Spring at the Biltmore
It starts with the bright golden yellow of daffodils and forsythia emerging in the gardens, coinciding with an opulent display of potted tropical plants and lavish flowers inside Biltmore House.
If you’re a lover of gardens and flowers, or if you’ve ever wanted to visit Asheville’s historic Biltmore Estate, then this Spring will be the perfect time for your first visit to one of North Carolina’s most beautiful historic places. The estate was designed to be the home of the famous Vanderbilt family, who hired landscape architect Frederick Olmsted to create the grounds and gardens. Olmsted is the man (some say genius) who designed Central Park in New York.
Today, more than a century later, the gardens are tended by trained horticultural experts to maintain Olmsted’s original vision. Best of all, you won’t have to choose between the main house and the gardens on your visit, as the gardens are accessible at no charge with your paid admission to the estate.
With so many garden opportunities at the Biltmore Estate, you could easily stroll for hours without seeing every bloom! If you were to set foot on every part of the grounds, you would notice that the gardens are very formal near the main house but become more natural and wild as you move toward the perimeters of the estate. Olmsted’s intention was for the more informal outer gardens to blend well with the surrounding landscape.
Biltmore’s annual Festival of Flowers begins on the official first day of spring. This two-month-long event will feature presentations by horticulturists, free Conservatory seminars, daily live music, and special seasonal menus at Biltmore’s restaurants. One of the highlights of the Festival of Flowers is the ability to see close to 75,000 individual tulips! The peak time to visit for viewing tulips is the middle of April.
Not a tulip fan? Don’t worry—there’s something for every plant lover at Biltmore. April is the best month for enjoying magnolia, forsythia, spirea, dogwoods, and redbuds, while May visitors can view pansies, snapdragons, poppies, and azaleas. The glass-roofed Conservatory, designed by Richard Moss Hunt under the direction of the Vanderbilts, continues to house exotic plants such as ferns, orchids, and palms. It also provides the plants and flowers being used for display inside the main house, as it did when the Vanderbilts were living on the estate.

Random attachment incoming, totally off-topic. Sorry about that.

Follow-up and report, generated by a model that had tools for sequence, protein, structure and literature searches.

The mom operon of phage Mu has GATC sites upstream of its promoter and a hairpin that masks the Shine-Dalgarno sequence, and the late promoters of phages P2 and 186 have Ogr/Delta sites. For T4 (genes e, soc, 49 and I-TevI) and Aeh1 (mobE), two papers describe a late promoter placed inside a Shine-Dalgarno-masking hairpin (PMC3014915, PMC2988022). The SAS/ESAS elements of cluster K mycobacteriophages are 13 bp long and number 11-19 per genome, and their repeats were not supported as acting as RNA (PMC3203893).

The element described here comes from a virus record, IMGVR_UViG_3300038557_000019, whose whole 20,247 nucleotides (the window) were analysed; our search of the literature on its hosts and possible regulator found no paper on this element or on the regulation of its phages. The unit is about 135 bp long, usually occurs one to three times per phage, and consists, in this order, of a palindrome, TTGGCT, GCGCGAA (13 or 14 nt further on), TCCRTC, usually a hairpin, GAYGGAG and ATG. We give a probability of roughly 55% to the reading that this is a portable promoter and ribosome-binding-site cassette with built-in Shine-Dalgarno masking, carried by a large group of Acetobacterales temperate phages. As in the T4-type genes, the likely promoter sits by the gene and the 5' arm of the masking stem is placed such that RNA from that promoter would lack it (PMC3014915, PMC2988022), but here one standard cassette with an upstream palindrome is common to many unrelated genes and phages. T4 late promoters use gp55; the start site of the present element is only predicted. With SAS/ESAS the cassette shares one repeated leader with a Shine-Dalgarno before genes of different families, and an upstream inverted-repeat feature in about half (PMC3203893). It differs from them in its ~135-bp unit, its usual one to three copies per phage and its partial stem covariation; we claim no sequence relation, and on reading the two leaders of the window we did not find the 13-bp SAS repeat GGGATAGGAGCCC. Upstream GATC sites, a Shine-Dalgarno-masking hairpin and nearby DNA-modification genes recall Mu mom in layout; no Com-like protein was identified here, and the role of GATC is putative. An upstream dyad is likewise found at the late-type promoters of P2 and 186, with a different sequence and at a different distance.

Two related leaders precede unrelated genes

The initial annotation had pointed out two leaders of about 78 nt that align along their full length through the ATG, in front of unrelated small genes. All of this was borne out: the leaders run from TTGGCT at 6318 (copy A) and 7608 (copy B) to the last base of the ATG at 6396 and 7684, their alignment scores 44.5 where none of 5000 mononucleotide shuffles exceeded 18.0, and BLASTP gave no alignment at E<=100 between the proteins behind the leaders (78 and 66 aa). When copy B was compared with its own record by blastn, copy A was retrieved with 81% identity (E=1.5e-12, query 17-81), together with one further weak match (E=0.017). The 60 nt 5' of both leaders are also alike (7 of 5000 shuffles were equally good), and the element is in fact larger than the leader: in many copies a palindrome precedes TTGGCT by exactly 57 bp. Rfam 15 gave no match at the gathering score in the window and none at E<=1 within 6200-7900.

Fans of azaleas won’t want to miss the huge Azalea Garden, which offers 15 acres of native azaleas—one of America’s largest collections of azalea species. It was originally curated by horticulturist Chauncey Beadle in 1890. The Azalea Garden Path is a 1/3 mile walk, beginning at the Conservatory and winding down to the Bass Pond. Other walking paths and trails are available, including the Rhododendron Loop, which is only 1/8 mile long. In all, the garden paths offer 2.5 total miles of strolls through landscaped gardens.
At the Walled Garden, you can walk through two long arbors entwined with dangling blooms from a variety of flowering vines. The arbors are flanked on either side by a formal patterned garden featuring hyacinths, chrysanthemums, daffodils, and a selection of perennial flowering plants.
The Butterfly Garden is another wonderful attraction, with bushes and flowers designed to attract winged creatures. A walking path and benches allow visitors to enjoy this garden at their own pace.
The Shrub Garden offers a personal view of 500 different types of shrubs, trees, and plants. Many of the species featured here were very popular in the early part of the 20th century.
For those who enjoy more structured outdoor landscapes, the Italian Garden has classical statuary among formal water features. Lilypads and koi are among the visual delights in this garden.
Love roses? On May 23, visitors can watch as international judges decide which flowers in the Historic Rose Garden are the highest quality specimens. This garden features more than 250 varieties of roses.
No garden lover could pass up the opportunity to visit Antler Hill Village, which features 15 acres of exquisite container gardens, perennials, and historic trees. While you’re there, enjoy the exhibition in the Biltmore Legacy building where you can get an intimate glimpse at the family life and adventures of the Vanderbilt family. Highlights on display include an early model Harley-Davidson motorcycle, numerous tiny jade sculptures collected by a family member, information about the Vanderbilts’ connection with the ill-fated Titanic voyage, and a turn-of-the-century golf ball recently discovered on the grounds.
If you’re bringing the grandchildren along, you may want to time your arrival for April 20, when the Easter Bunny will appear on the front lawn of the estate. Three different Easter egg hunts will take place, in addition to storytelling, magic shows, crafts, and other entertainment for children.
Make this spring special with a visit to the Biltmore Estate and gardens! I-L